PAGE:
Miguel Luna, Stewardship Director, Northern Asia-Pacific Division

Summary: Crowns have been symbols of authority, power and honor and in some instances expressions of victory throughout the history of humankind. Stewardship Director Migual Luna talks about the symbolism of the crown.

The crown of thorns points out the sacrifice of Jesus as the Son of Man who “did not come to be served, but to serve, and to give his life as a ransom for many" (Mark 10:45). At the interrogation trial of Jesus, Pilate asked “are you the king of the Jews?” (Matt 27:11a) and it was His firm answer “Yes, It is as you say” (Matt 27:11b). After this final trial Jesus was “flogged and handed …over to be crucified” (Matt 27:26). At the Praetorium the soldiers “stripped him and put a scarlet robe on him, and then twisted together a crown of thorns and set it on his head. They put a staff in his right hand and knelt in front of him and mocked him. "Hail, king of the Jews!" they said. They spit on him, and took the staff and struck him on the head again and again” (Matt 27:28-30; cf. Mark 15:17). This was a mock imitation of a royal crown so “when Jesus came out wearing the crown of thorns and the purple robe, Pilate said to them, "Here is the man!" As soon as the chief priests and their officials saw him, they shouted, "Crucify! Crucify!" But Pilate answered, "You take him and crucify him. As for me, I find no basis for a charge against him" (John 19:5-6). After the trial and mockery at the Praetorium Jesus was crucified at Golgotha.

In this context, the crown of thorns came to symbolize His suffering and death as expiation for sinners. As the suffering servant of Isaiah 53, Jesus understood His mission as savior and redeemer. After the confession of Peter that Jesus is the Christ [Messiah], the son of the living God (Matt 16:16), Jesus clearly states the suffering, death and resurrection to follow. “Now as Jesus was going up to Jerusalem, he took the twelve disciples aside and said to them, "We are going up to Jerusalem, and the Son of Man will be betrayed to the chief priests and the teachers of the law. They will condemn him to death and will turn him over to the Gentiles to be mocked and flogged and crucified. On the third day he will be raised to life!" (Matt 20:17-19). And after His eschatological discourse in Matt 24; 25, He again repeated the same message, "As you know, the Passover is two days away—and the Son of Man will be handed over to be crucified" (Matt 26:2). Finally, at the Last Supper He mentioned to His disciples: “this cup is the new covenant in my blood, which is pour out for you” (Luke 22:20).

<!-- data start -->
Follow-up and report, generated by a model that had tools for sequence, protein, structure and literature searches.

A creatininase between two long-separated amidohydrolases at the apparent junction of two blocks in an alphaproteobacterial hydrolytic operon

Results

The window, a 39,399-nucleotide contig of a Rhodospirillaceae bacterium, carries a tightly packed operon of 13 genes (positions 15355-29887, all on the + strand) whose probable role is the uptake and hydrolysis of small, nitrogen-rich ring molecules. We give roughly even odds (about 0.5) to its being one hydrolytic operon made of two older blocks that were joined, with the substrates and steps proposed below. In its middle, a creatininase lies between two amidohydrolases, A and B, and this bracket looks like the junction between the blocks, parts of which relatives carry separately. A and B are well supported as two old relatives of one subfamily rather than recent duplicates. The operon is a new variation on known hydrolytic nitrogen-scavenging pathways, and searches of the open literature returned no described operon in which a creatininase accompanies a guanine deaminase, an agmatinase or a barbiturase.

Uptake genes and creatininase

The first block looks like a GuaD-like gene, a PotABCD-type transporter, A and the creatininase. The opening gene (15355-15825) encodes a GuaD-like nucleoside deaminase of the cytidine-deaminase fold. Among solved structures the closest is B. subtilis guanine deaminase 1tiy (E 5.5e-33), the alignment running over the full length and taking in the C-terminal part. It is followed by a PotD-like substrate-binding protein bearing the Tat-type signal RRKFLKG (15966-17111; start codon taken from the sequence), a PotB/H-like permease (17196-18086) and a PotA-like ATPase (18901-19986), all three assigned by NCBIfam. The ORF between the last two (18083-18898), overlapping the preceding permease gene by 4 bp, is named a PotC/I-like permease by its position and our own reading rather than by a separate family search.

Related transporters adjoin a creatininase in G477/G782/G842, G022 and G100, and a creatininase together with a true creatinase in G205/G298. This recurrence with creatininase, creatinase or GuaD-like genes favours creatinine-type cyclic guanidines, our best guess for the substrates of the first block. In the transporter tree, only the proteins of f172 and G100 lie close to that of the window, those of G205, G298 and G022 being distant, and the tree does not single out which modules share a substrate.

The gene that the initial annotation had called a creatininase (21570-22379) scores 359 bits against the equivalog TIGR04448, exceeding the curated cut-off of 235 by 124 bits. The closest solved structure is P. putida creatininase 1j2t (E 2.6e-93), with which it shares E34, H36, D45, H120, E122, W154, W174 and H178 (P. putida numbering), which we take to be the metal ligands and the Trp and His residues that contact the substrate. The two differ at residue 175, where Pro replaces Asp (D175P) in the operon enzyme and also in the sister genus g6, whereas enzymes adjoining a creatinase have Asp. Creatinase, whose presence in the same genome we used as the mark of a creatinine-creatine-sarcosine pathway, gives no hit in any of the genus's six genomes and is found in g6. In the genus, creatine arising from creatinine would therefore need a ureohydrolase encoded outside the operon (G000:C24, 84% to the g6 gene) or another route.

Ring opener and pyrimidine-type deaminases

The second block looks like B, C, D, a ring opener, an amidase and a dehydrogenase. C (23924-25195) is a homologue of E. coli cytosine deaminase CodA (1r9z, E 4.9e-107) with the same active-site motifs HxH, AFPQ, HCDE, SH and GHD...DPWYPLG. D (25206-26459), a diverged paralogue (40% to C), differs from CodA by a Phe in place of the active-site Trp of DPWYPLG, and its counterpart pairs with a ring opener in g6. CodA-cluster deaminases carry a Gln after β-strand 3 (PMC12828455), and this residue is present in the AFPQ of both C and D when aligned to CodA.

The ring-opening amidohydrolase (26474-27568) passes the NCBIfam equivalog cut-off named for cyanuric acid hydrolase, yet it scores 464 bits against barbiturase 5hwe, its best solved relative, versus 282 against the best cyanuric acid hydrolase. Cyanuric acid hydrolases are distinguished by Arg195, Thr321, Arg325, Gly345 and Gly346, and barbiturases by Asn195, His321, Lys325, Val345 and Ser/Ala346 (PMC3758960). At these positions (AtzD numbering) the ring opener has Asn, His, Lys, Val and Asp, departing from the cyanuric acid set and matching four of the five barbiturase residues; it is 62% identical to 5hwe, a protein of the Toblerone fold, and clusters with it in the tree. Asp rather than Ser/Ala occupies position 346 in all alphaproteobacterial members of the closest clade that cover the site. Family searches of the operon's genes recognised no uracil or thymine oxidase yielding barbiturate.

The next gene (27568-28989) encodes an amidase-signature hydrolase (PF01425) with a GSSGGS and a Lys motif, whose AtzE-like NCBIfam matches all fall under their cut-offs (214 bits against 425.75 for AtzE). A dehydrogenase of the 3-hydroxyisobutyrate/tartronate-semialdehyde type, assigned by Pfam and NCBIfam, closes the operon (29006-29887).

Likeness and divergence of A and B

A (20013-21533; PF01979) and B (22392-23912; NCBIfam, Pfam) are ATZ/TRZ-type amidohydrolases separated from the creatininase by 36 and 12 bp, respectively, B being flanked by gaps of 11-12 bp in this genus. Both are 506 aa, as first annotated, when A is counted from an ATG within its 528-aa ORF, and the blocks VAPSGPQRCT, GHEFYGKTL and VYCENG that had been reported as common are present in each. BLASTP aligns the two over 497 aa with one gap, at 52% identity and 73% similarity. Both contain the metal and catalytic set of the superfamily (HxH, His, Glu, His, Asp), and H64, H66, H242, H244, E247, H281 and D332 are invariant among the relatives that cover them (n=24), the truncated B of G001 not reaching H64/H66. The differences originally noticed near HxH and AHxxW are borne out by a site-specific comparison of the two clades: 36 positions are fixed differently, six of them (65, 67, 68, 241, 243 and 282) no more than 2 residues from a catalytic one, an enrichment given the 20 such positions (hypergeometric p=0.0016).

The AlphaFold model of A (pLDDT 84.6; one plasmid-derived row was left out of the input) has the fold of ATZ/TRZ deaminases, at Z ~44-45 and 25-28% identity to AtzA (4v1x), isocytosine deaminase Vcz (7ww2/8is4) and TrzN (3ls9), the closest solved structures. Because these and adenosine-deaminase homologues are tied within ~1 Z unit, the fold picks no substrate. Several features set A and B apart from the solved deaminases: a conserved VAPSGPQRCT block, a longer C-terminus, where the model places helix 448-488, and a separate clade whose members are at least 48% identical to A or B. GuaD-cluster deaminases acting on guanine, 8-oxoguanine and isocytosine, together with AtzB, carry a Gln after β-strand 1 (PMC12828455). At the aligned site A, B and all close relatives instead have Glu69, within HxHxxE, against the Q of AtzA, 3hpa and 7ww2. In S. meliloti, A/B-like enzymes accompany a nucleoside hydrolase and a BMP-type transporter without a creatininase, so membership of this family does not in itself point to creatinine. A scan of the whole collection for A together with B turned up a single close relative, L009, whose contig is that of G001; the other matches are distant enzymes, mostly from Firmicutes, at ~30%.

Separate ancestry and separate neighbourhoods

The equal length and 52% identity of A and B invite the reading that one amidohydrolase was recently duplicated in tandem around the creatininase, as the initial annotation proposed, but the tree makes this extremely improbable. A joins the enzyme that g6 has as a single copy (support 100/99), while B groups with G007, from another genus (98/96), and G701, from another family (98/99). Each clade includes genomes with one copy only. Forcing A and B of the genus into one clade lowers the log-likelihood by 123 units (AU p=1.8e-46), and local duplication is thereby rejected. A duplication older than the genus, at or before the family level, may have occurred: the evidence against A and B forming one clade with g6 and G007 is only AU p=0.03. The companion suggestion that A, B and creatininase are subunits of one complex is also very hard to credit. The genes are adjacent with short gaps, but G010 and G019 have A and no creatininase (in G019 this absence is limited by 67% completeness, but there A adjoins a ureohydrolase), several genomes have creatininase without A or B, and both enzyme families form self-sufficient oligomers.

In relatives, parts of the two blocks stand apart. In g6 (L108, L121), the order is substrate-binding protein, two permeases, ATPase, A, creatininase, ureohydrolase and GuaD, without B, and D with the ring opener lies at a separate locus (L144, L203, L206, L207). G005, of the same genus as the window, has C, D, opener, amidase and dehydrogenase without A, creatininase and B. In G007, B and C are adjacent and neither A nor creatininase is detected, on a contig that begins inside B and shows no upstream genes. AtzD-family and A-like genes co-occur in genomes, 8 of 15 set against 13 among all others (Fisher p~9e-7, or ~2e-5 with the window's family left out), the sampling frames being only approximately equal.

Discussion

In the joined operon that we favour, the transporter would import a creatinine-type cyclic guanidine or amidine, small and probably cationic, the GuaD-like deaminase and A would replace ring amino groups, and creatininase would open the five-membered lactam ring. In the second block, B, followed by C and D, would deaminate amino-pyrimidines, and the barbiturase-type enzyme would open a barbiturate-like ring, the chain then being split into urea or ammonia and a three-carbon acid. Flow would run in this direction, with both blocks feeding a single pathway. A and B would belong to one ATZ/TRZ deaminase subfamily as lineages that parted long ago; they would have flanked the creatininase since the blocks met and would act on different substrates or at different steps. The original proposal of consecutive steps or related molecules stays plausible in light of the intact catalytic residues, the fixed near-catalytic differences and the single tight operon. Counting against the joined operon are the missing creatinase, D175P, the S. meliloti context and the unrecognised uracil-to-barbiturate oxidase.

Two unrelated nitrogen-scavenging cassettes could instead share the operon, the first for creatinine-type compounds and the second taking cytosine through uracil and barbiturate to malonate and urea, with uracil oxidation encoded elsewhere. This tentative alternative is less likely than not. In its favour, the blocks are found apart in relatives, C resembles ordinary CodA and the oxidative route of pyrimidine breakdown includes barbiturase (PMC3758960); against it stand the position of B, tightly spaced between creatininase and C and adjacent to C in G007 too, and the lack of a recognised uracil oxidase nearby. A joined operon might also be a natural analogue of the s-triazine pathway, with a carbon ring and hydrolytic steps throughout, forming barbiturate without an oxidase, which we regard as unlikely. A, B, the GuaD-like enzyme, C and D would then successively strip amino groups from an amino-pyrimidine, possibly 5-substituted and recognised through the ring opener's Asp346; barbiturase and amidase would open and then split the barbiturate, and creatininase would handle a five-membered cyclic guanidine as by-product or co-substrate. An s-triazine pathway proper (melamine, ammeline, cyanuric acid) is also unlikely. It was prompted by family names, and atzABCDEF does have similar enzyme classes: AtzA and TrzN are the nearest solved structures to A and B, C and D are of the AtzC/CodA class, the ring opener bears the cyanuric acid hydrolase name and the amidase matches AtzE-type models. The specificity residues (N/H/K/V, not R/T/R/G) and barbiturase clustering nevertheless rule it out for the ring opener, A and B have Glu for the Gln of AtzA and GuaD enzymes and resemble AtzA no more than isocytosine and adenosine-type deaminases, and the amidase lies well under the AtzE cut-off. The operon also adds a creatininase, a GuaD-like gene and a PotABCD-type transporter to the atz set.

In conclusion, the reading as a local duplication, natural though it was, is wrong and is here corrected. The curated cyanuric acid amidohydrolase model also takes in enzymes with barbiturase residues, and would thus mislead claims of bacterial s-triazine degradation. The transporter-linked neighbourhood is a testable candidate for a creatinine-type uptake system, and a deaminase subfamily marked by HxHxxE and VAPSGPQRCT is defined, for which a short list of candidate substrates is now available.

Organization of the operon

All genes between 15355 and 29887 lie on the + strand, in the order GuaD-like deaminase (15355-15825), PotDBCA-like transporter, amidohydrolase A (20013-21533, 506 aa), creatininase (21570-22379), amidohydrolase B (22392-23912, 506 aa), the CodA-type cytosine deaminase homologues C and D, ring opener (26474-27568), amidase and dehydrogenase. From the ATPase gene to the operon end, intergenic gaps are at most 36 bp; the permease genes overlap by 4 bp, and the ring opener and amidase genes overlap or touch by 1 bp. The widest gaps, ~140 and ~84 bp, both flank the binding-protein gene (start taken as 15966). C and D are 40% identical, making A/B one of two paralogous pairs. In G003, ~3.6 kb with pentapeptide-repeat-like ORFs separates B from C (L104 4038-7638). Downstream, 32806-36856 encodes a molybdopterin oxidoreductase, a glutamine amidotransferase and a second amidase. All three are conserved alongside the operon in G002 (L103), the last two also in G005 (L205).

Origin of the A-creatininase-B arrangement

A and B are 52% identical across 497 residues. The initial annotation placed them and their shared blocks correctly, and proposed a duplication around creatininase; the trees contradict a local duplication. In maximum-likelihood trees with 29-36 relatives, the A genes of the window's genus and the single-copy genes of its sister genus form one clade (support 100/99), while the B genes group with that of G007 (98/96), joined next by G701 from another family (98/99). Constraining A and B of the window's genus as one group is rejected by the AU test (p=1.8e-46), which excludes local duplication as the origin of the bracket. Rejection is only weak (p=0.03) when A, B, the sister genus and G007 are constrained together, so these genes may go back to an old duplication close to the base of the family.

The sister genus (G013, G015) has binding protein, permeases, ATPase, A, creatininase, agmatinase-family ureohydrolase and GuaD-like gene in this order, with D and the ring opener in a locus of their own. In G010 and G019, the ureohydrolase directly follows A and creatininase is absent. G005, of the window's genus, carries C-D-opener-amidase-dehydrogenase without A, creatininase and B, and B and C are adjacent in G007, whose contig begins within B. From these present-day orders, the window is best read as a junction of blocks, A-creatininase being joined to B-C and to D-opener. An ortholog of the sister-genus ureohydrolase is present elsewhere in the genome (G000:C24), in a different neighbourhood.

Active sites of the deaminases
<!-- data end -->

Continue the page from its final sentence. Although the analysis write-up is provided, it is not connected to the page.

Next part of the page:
Following His resurrection, Jesus clearly indicated that His sacrifice was necessary in order to fulfill the promises anticipated in the Old Testament so “He said to them, ‘How foolish you are, and how slow of heart to believe all that the prophets have spoken! Did not the Christ have to suffer these things and then enter his glory?’ And beginning with Moses and all the Prophets, he explained to them what was said in all the Scriptures concerning himself” (Luke 24:25-27).

In an encounter with His disciples “He said to them, "This is what I told you while I was still with you: Everything must be fulfilled that is written about me in the Law of Moses, the Prophets and the Psalms." Then he opened their minds so they could understand the Scriptures. He told them, "This is what is written: The Christ will suffer and rise from the dead on the third day, and repentance and forgiveness of sins will be preached in his name to all nations, beginning at Jerusalem. You are witnesses of these things (Luke 24:44-48). Clearly Jesus fulfilled His mission as the servant suffering and entrusted His disciples to teach and preach His sacrifice and now from a perspective of “repentance and forgiveness of sins.”